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Tananarive Due Producer, Horror Writer and Afrofuturist, American Book Award Winner

About the Author

Tananarive Due is an award-winning author who teaches Black Horror and Afrofuturism courses at UCLA. As an executive producer, she played a pivotal role in Shudder’s groundbreaking documentary, Horror Noire: A History of Black Horror. Collaborating with her husband, Steven Barnes, Due co-authored the episode “A Small Town” for Season 2 of Jordan Peele’s “The Twilight Zone” on Paramount Plus. Additionally, the pair contributed two segments to Shudder’s anthology film, Horror Noire, and penned the Black Horror graphic novel, The Keeper, illustrated by Marco Finnegan.

As a leading voice in Black speculative fiction for over two decades, Due’s accolades include the American Book Award, NAACP Image Award, and British Fantasy Award. Her works have been featured in best-of-the-year anthologies, showcasing the depth of her literary impact. Notable titles in her repertoire include Ghost Summer: Stories, My Soul to Keep, and The Good House. In collaboration with her late mother, civil rights activist Patricia Stephens Due, she co-authored Freedom in the Family: A Mother-Daughter Memoir of the Fight for Civil Rights.

In her latest work, The Reformatory, which was named a New York Times Notable Book, Due delves into haunting historical fiction, unraveling the untold story of a long-forgotten relative. The narrative sheds light on the tragedies of the infamous Dozier School for Boys, exposing a chapter of history her family had chosen to keep in the shadows.

Due is not only a celebrated author but also an experienced speaker, having graced platforms such as the Library of Congress’ National Book Festival and Buzzfeed. Her podcast, “Lifewriting: Write for Your Life!”—co-hosted with her husband—offers engaging conversations with notable figures like Patton Oswalt, Roy Wood Jr., Rodney Barnes, and Bryan Fuller, providing unique insights into screenwriting and what it takes to break into Hollywood.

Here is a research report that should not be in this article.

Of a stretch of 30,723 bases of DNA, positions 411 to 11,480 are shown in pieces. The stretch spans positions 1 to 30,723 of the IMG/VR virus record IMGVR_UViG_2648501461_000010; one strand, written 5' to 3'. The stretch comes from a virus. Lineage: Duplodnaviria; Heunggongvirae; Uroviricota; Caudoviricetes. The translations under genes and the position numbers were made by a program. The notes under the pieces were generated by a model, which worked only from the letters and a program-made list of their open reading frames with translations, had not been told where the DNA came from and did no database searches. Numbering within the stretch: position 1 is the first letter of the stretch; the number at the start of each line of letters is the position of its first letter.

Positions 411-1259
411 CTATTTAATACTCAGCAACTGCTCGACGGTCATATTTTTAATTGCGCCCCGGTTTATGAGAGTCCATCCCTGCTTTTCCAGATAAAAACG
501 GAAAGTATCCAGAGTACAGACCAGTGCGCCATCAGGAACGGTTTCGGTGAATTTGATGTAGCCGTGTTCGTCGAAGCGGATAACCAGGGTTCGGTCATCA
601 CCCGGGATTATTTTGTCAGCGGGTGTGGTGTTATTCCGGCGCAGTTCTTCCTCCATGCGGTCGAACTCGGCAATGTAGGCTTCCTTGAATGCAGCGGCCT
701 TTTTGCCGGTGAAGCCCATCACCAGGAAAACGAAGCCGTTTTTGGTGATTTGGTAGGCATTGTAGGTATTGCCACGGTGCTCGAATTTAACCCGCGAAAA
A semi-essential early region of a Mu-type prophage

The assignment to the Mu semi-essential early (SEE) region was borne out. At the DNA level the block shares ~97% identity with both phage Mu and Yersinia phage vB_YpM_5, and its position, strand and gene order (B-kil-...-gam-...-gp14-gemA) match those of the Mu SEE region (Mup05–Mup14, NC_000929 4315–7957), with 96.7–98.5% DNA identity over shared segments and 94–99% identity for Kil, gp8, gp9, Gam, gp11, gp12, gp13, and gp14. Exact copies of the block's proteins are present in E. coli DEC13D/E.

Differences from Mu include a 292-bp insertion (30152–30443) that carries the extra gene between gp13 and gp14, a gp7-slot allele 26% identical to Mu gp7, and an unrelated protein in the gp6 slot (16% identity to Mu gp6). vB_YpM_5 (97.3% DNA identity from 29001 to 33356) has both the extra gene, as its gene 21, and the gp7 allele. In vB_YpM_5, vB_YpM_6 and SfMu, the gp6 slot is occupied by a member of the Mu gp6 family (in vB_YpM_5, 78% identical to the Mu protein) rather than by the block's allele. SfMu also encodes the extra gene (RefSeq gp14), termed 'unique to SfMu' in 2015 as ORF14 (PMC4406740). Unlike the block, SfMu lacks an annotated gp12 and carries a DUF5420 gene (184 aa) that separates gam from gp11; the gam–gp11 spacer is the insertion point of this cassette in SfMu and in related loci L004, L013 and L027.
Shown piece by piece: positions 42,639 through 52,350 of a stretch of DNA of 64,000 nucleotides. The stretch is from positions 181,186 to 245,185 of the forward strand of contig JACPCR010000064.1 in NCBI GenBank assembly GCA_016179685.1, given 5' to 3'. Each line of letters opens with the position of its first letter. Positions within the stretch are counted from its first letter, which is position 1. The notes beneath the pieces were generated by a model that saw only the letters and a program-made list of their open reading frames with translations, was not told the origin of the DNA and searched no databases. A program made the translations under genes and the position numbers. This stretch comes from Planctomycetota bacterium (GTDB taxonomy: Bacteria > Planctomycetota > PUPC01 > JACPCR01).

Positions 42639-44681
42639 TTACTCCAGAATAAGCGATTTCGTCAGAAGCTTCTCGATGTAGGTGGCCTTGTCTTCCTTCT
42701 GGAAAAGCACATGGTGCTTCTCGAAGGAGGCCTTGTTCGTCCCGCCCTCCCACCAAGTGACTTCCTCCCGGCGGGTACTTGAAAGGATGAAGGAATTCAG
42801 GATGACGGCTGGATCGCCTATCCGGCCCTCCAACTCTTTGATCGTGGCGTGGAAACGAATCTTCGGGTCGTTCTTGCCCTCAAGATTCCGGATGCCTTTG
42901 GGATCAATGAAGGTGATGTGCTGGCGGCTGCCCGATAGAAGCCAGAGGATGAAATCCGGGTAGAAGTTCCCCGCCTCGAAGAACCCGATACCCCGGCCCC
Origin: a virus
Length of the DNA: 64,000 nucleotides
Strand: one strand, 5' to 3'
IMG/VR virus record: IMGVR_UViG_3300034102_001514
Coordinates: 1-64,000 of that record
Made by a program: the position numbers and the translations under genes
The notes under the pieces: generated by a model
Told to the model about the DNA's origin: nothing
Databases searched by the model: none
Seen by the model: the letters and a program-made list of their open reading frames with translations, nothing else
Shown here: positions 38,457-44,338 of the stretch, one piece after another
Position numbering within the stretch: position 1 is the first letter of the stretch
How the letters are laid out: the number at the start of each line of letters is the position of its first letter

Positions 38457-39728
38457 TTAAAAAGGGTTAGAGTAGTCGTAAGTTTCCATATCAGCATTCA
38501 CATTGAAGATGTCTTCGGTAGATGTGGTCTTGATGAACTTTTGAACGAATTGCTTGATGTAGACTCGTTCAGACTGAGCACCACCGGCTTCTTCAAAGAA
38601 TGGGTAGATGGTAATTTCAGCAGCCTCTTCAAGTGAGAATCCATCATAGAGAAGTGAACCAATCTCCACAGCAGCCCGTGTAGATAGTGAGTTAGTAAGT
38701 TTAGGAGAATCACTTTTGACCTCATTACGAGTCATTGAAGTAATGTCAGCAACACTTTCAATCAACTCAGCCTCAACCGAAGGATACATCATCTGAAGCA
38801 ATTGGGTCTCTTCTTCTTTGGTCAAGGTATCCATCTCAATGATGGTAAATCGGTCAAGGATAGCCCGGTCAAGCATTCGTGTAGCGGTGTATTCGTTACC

Suggested Topics

  • Afrofuturism
  • Black Horror
  • Life Writing
  • Producing and Screenwriting
  • Black History

Raves and Reviews

Praise for The Reformatory

The writing here is spectacular; the pacing, engrossing; the setting, heartbreaking but honest; and the characters are given a nuance and depth rarely seen… A masterpiece of fiction.”

Library Journal, STARRED REVIEW

With fully realized characters and well-placed twists, Due ratchets up the tension until the final, extraordinary showdown.”

Booklist, STARRED REVIEW

A vividly realized page-turner, which is at once an ingenious ghost story, a white-knuckle adventure, and an illuminating if infuriating look back at a shameful period in American jurisprudence.”

Kirkus Reviews, STARRED REVIEW

Her fiction is always powerful, and The Reformatory promises to be her most moving—and horrifying—tale yet.”

Vulture

One of the greatest living horror writers…Sure to be as powerful as it is haunting.”

CrimeReads

Due knocks it out of the park every damn time.”

Book Riot

Praise for My Soul to Take

Pain, joy, love, madness, and ancient secrets rampage through this smart, beautifully-paced book. Tananarive Due is one of the great heroines of our literature.”

Peter Straub, New York Times bestselling author of A Dark Matter

Brilliant, moody, dark and delicious, My Soul To Take is Tananarive Due’s best so far, and that is saying a LOT. Absolutely recommended.”

Jonathan Maberry, New York Times bestselling author of The King of Plagues and Dust & Decay

The world of My Soul to Take is so enchantingly drawn I could not help but be caught in its spell. From California to Ethiopia to Mexico, Tananarive Due takes you on a nonstop ride that will leave you breathless.”

—Dolen Perkins-Valdez, New York Times bestselling author of Wench

An engrossing—can’t put it down—spooky, sexy, intelligent whirlwind of a ride.”

Jewell Parker Rhodes

Praise for Joplin’s Ghost

Due shows herself true to her own powerful gift.”

Publishers Weekly, STARRED REVIEW

[M]ore than just a ghost story is Due’s sense of musical and cultural history…Even while she brings to life Scott Joplin the man, Due makes us appreciate Scott Joplin the icon, the symbol. This understanding gives Joplin’s Ghost its haunting power.”

The Washington Post

In this ambitious and action-packed novel, Tananarive Due blurs genre boundaries as adroitly as her ghost walks through walls. Part love story, part ghost story, part historical fiction, part contemporary adult drama, this book is difficult to categorize—and impossible to put down.”

Valerie Boyd, author of Wrapped in Rainbows: The Life of Zora Neale Hurston

In the Media

Videos

Books by Tananarive Due

Casanegra
The Wishing Pool
The Keeper

Contact Us

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info@simonspeakers.com